If you have diabetes and planning a trip, we can help you get coronavirus-covered travel insurance with AllClear Insure My Diabetes.

What to pack in your hand luggage

  • All diabetes medication 
  • Diabetes supplies – including sensors and other device spares
  • Diabetes identity card or wrist band
  • A letter from your doctor about your diabetes and treatment and if you use an insulin pump, CGM or flash glucose monitor.
  • A prescription sheet
  • Hypo treatments 
  • Extra snacks in case of delays like nuts, fruit or a sandwich.

Split meds between separate bags if you can, for example, if you’re travelling with a partner or friend, in case you lose something. 

"Be prepared. I always travel with a backpack full of snacks, medication and everything I need. I don't rely on airport shops being open or other amenities. And when I'm in the mountains, I always have at least three snacks with me." Read Lee's story.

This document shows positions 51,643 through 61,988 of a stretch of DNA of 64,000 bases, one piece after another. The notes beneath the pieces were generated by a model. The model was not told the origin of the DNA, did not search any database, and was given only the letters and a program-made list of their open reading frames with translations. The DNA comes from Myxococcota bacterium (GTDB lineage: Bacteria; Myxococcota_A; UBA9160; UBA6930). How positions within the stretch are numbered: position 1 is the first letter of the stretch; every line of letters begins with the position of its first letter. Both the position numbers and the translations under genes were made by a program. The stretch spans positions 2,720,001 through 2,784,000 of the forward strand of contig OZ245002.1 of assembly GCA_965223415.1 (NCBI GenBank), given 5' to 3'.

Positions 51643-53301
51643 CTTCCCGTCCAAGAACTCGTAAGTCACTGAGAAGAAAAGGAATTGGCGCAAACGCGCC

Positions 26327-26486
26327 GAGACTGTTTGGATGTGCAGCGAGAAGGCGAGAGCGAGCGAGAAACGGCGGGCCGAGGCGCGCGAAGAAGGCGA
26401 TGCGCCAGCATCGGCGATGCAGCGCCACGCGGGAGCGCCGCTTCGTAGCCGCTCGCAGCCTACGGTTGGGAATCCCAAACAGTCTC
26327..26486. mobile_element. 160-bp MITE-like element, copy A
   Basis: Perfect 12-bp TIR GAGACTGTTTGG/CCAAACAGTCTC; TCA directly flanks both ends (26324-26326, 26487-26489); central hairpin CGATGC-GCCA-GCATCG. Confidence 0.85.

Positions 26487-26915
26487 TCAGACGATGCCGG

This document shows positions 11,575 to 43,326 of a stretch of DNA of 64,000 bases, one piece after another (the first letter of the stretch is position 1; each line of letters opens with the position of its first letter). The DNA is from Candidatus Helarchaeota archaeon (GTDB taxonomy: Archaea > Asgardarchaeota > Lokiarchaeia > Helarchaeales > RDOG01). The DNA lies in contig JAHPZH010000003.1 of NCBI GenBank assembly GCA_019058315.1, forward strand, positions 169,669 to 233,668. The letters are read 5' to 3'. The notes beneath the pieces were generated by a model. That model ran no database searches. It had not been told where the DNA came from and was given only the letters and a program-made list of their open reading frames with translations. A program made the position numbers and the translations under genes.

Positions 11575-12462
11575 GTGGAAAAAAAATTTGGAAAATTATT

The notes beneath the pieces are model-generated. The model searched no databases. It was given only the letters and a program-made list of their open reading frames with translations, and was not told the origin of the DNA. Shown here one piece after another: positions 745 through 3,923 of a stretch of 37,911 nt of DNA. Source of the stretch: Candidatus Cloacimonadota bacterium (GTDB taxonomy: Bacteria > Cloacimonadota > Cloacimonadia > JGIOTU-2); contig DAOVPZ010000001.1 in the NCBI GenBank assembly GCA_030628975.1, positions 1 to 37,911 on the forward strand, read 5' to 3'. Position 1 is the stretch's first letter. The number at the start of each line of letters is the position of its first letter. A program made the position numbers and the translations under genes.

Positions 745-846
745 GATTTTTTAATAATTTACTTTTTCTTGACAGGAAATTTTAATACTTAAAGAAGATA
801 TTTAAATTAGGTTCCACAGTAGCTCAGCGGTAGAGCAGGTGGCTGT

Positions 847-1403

Can I carry insulin in my hand luggage?

Always carry insulin, other diabetes medication, device spares, hypo treatments and other diabetes supplies in hand luggage. It’s important to keep insulin in hand luggage as being in the hold can damage it as it’s so cold and luggage can be lost. 

Sensors or other device spares must go in hand luggage as they can be damaged by hold luggage X-rays.

Medication restrictions at the airport

Carrying a doctor’s letter from your GP is requested by some airlines and is helpful to show airport security if there is any confusion.  

Current security regulations state that liquid items are only allowed in your hand luggage if they are in containers 100mls or less. There is no restriction on the number of tablets you can take through airport security but they should be mentioned in your doctor’s letter.